Application Security News for October 2016

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This month, we introduce our new podcast, Between Two Teeth. This regularly scheduled podcast will feature discussions and opinions on various security related topics from the previous month. This month’s hosts are Anshuman Singh and Nitzan Miron.  You can listen to the podcast in the player above.

This month’s topics: the Mirai botnet and the attack on DynDNS; how necessity led one person to discover a vulnerability in Paypal's 2FA and news on Magento eCommerce vulnerabilities leading to 6000 sites being hacked; How simply turning on HTTPS does not fully protect you and your site's visitors and more.

Click here for the trivia question.

Show notes and links:

Malicious Insiders Remain a Difficult and Growing Problem

Earlier this month, the Department of Justice unsealed a criminal complaint against a contractor for the National Security Agency, alleging the theft of highly classified information. Like Edward Snowden in 2013, Harold Thomas Martin III, 51, of Glen Burnie, Maryland, worked for Booz Allen Hamilton and is accused of exploiting his insider access in order to remove classified files….

The 10 Most Damaging Security Breaches of 2016

There’s no doubt that 2016 has been a massive year for security breaches. We’ve seen data breaches affecting large retailers, social media platforms and even political campaigns. In this article I’m going to give you the list of what I believe to be…

DomainTools Warns Customers of User Data Scraping Attack

DomainTools said it detected an attack against its user management system from an unknown attacker and advised users to change their passwords as a precaution.

Bug Bounty Hunter Launches Accidental DDoS Attack on 911 Systems via iOS Bug

The Maricopa County Sheriff's Office Cyber Crimes Unit arrested Meetkumar Hiteshbhai Desai, an 18-year-old teenager from the Phoenix area, for flooding the 911 emergency system with hang-up calls.

DDoS Attacks Dominate News, Spark Calls for Regulation

Virginia Sen. Mark Warner sent letters to the  Federal Communications Commission, Federal Trade Commission and the Department of Homeland Security’s National Cybersecurity & Communications Integration Center about his “growing concern” over the “unprecedented” volume of DDoS attacks driven by the Marai botnet exploiting connected devices.

“[O]ver 500,000 connected devices were vulnerable to Mirai because of an exploitable component from a single vendor’s management software,” Warner wrote. “Manufacturers today are flooding the market with cheap, insecure devices, with few market incentives to design the products with security in mind, or to provide ongoing support.”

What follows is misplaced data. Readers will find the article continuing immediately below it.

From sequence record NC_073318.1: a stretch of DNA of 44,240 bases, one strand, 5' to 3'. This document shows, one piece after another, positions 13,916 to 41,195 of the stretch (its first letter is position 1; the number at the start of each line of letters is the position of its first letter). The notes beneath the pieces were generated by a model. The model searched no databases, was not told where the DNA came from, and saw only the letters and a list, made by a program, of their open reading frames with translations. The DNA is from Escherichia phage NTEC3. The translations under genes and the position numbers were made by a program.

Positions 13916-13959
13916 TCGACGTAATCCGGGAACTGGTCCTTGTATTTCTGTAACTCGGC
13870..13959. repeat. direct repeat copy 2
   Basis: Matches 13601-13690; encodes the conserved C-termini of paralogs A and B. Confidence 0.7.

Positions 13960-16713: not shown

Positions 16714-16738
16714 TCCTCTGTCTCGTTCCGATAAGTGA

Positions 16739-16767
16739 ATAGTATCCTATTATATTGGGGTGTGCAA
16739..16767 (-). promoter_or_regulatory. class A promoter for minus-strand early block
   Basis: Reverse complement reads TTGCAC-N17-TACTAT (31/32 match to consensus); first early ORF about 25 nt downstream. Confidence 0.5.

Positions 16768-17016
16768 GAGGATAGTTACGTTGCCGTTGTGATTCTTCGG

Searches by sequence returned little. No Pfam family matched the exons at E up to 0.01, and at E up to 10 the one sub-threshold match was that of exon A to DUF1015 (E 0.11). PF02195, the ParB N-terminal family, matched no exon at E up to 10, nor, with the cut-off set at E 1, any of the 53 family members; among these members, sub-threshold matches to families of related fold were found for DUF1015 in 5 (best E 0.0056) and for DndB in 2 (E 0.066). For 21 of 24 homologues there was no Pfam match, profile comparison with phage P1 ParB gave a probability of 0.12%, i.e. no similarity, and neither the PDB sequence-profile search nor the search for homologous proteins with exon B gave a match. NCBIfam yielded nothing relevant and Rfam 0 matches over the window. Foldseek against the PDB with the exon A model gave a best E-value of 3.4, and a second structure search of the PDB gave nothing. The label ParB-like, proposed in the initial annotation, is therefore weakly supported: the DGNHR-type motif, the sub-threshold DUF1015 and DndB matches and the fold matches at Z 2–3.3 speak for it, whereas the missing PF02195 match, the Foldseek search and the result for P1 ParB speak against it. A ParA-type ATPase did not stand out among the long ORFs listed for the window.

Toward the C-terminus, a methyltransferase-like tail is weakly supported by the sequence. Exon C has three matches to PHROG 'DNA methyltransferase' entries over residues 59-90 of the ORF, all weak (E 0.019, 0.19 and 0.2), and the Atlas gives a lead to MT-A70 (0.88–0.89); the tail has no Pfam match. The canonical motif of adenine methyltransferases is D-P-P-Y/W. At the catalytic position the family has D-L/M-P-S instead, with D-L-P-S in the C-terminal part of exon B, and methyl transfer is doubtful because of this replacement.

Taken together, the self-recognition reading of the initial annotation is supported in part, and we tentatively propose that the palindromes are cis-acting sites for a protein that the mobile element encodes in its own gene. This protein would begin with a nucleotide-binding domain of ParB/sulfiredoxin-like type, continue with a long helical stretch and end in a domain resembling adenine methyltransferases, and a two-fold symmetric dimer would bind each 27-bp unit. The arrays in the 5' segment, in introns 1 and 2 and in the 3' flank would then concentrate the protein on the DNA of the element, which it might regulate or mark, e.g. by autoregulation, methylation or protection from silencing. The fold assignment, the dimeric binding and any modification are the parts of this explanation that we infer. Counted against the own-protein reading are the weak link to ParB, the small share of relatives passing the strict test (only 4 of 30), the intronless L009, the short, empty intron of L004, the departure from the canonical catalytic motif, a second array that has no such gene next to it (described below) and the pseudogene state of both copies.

“I am interested in a range of expert opinions and meaningful action on new and improved tools to better protect American consumers, manufacturers, retailers, Internet sites and service providers,” Warner said.

Wannabe Hackers Are Adding ‘Terrible’ and ‘Stupid’ Features to Mirai

Security firm Arbor Networks noticed that several hackers “have been observed customizing and improving the attack capabilities of the original botnet code,” according to a blog post published on Thursday.

Hackers Took Down a High School Literacy Test Because Punk’s Not Dead

A dry run for a high school literacy test in Ontario was cancelled last week after being sabotaged with a cyber attack, affecting thousands of grade 10 students, the organization that oversees the test announced on Monday.

According to the province’s Education Quality and Accountability Office (EQAO), which plans on administering the test online in March in a digital first, the pilot was scuttled after being targeted by a “intentional, malicious and sustained” distributed denial of service attack, or DDoS. The attack could have affected up to 150,000 students who were registered at schools that volunteered to participate in the trial, and only 16,000 were able to complete the test before it was taken offline.

How security flaws work: SQL injection

This easily avoidable mistake continues to put our finances at risk.

Inside the Cyberattack That Shocked the US Government

The Office of Personnel Management repels 10 million attempted digital intrusions per month—mostly the kinds of port scans and phishing attacks that plague every large-scale Internet presence—so it wasn’t too abnormal to discover that something had gotten lucky and slipped through the agency’s defenses.

Shellshock Scans Climb Back to 2015 Levels

On Saturday, September 24, the Shellshock bug turned two, but threat actors haven't forgotten about it just yet, with a fairly decent amount of Shellshock scans taking place on a regular basis, according to telemetry data gathered by IBM X-Force.


Tushar Richabadas is a Product Manager for the Barracuda Web Application Firewall team in our India office. You can connect with him on LinkedIn here.

 

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